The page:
For Teacher/Writers, A Joyful Balancing Act
He speaks with great joy about his students, including retired Marine Capt. Phil Klay.Carey speaks of Klay's "will and discipline." But he adds that the Hunter program is filled with students like him, that Klay is emblematic. "Although they don't look like Phil or talk like Phil, they all have that quality."
Other Hunter MFA professors -- as well as their colleagues throughout the University -- also emphasize how much their students inspire them.
"When I get a student who's really hungry for it, who's hungry the way I was hungry, it really invigorates me," says Tom Sleigh, Hunter's senior poet and the program's director. "It makes me feel that I am still a young writer, that I will always be a young writer."
He believes professors should be looking for students who are "resolutely interested in doing their work." In other words, students who want to write for the sake of it not because it will bring them fame and fortune, which elude most writers anyway. And Sleigh believes he has found writers like that in the Hunter program.
Hunter's Colum McCann, who won the National Book Award for his novel Let the Great World Spin, adds: "I see what preoccupies them[the students]. I see how the language is changing. I see how they use cell phones, fractured narrative, technology. I see what the next generation of writers is doing. It extends my own command of writing. It keeps you fresh."
At Brooklyn College, playwright Mac Wellman cannot contain his joy when speaking about recent graduates whose plays are being produced. They are perhaps the current-day incarnations of Jack Gelber, one of the iconic dramatists of his generation who started the playwriting program at Brooklyn almost 30 years ago. Now, included among Wellman's former students is Annie Baker, whose play "Circle Transformation Mirror" was presented at Playwrights Horizons in Manhattan. Another graduate, Young Jean Lee, runs her own theater company from Brooklyn and has toured internationally.About his students' work, Wellman says, "It's cutting-edge. It's not mainstream, but it is affecting the mainstream in a big way." The kinship CUNY's writing professors feel with their students was evident at the Turnstyle Readings, where they shared the same stage.
"It's really nice to have a gathering of the CUNY tribes," says Emily Raboteau, who teaches at City. Instead of only reading from her new work of nonfiction -- Searching for Zion, forthcoming from Grove Press -- she warmed up the audience with funny titles from country and western songs, including what she calls "my personal favorite: 'You're the Reason Our Kids Are Ugly.'" With laughter in the air, she launched into a section of her new book, which she researched in Jamaica. It was a searing but far from humorless account of an encounter with Rastafarians, part of a story she says was propelled by her own interest in Bob Marley and told from her point of view as a biracial American.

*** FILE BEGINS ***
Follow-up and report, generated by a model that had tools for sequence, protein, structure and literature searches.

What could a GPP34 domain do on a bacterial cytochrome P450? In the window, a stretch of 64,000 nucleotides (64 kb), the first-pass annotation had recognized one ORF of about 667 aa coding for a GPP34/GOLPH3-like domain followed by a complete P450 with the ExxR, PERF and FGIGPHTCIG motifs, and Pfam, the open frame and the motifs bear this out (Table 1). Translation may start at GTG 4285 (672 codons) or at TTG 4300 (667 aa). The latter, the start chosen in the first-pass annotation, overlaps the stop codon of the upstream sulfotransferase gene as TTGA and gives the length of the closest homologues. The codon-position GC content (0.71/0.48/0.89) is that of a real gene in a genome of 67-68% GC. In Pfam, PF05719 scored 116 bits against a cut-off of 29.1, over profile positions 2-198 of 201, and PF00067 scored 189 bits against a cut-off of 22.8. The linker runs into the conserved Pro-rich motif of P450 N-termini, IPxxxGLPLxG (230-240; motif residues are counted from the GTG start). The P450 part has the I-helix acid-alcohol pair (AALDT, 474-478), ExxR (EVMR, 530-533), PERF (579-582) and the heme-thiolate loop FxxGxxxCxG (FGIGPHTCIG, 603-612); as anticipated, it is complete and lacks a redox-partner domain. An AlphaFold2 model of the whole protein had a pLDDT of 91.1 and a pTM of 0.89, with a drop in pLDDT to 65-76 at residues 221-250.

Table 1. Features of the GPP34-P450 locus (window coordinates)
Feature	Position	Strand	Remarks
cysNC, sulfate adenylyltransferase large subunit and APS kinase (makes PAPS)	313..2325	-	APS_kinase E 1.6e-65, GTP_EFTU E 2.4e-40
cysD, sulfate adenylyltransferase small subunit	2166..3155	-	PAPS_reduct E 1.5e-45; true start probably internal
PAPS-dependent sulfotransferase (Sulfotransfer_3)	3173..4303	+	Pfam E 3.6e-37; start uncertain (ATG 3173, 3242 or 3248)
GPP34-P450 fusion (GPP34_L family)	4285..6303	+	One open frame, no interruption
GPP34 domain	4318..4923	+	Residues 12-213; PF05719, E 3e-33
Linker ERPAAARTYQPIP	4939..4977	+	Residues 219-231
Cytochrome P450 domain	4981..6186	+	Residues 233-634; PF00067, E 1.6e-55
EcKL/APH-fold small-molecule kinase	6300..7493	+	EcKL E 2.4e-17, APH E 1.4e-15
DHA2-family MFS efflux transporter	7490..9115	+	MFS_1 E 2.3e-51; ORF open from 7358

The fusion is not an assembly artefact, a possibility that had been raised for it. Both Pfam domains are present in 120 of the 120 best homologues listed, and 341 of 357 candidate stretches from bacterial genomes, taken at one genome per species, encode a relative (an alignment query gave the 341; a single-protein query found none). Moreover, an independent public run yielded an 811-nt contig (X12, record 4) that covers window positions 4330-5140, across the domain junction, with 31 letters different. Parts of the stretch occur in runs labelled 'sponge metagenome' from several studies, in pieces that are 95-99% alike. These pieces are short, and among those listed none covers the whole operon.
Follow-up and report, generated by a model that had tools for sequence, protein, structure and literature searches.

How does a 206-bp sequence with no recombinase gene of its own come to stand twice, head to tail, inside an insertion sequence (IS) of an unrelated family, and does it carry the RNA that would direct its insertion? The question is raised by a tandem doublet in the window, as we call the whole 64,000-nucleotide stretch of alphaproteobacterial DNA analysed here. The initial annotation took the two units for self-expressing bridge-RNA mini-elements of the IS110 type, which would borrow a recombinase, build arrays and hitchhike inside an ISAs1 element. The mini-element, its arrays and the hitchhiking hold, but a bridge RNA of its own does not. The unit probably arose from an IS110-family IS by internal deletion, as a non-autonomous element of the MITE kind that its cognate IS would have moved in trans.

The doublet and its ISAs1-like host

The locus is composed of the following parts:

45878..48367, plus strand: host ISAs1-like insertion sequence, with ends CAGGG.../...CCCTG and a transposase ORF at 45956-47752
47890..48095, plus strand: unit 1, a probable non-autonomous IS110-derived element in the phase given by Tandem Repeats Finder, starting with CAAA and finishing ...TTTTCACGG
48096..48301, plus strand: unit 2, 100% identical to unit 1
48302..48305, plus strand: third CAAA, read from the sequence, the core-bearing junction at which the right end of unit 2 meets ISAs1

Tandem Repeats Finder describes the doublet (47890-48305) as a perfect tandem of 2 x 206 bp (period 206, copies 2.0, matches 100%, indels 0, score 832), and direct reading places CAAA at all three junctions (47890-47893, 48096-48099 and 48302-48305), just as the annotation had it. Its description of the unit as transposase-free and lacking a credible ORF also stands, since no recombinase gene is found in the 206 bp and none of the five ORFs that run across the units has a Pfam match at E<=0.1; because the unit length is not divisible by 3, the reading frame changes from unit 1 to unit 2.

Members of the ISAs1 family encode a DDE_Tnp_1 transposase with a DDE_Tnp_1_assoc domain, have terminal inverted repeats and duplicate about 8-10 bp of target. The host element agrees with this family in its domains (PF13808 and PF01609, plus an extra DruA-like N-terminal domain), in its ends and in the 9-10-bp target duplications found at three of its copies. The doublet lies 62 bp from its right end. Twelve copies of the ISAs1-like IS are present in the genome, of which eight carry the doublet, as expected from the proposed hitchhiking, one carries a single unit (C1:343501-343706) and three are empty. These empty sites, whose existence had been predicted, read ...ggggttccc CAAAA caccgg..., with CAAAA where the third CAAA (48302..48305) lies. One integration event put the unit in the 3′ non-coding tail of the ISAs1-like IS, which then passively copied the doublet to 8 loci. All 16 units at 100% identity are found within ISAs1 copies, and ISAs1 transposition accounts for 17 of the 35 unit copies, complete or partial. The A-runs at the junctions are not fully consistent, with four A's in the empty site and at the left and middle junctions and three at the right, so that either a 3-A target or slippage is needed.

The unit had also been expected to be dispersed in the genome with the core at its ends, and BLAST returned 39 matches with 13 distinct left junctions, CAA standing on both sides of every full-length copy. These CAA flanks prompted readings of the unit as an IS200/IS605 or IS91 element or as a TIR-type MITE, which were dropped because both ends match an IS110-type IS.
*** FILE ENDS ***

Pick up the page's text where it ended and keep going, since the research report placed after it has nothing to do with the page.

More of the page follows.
Many other members of the faculty of the University's MFA programs balance teaching with writing and, indeed, a collective reading of their recently completed works -- as well as those in progress -- would be nothing short of a glorious marathon.
Novelist Joshua Henkin, who teaches at Brooklyn, is working on a novel that takes place over 32 hours with scenes in Park Slope, where he lives, and in the Berkshires and revolves around the theme of grief. Queens College's Kimiko Hahn, the guiding light behind the MFA Affiliation Group, is also the recipient of the 2008 PEN/ Voelcker Award. Her new collection of poems -- Toxic Flora (W.W. Norton) -- includes many inspired by articles from The New York Times science section.
This is the beginning of a poem about a concept that confounds many writers -- space.
I don't understand space -- the emptiness,
the distance measured in light.
Take the protostar: I can't grasp
how clouds of dust and gas can collapse
then suck up more stuff and expand
to over twenty times the size of our sun.
In all this heat and shadow
About teaching, Hahn says, "We are very, very hands-on." As for his teaching philosophy, Carey says: "We don't have a lot of people to look after, and we look after them very well. And although 'polite' is not helpful, 'respect' is always helpful .... We have a balancing act of complete honesty and candid support. In other words we'll catch you if you fall."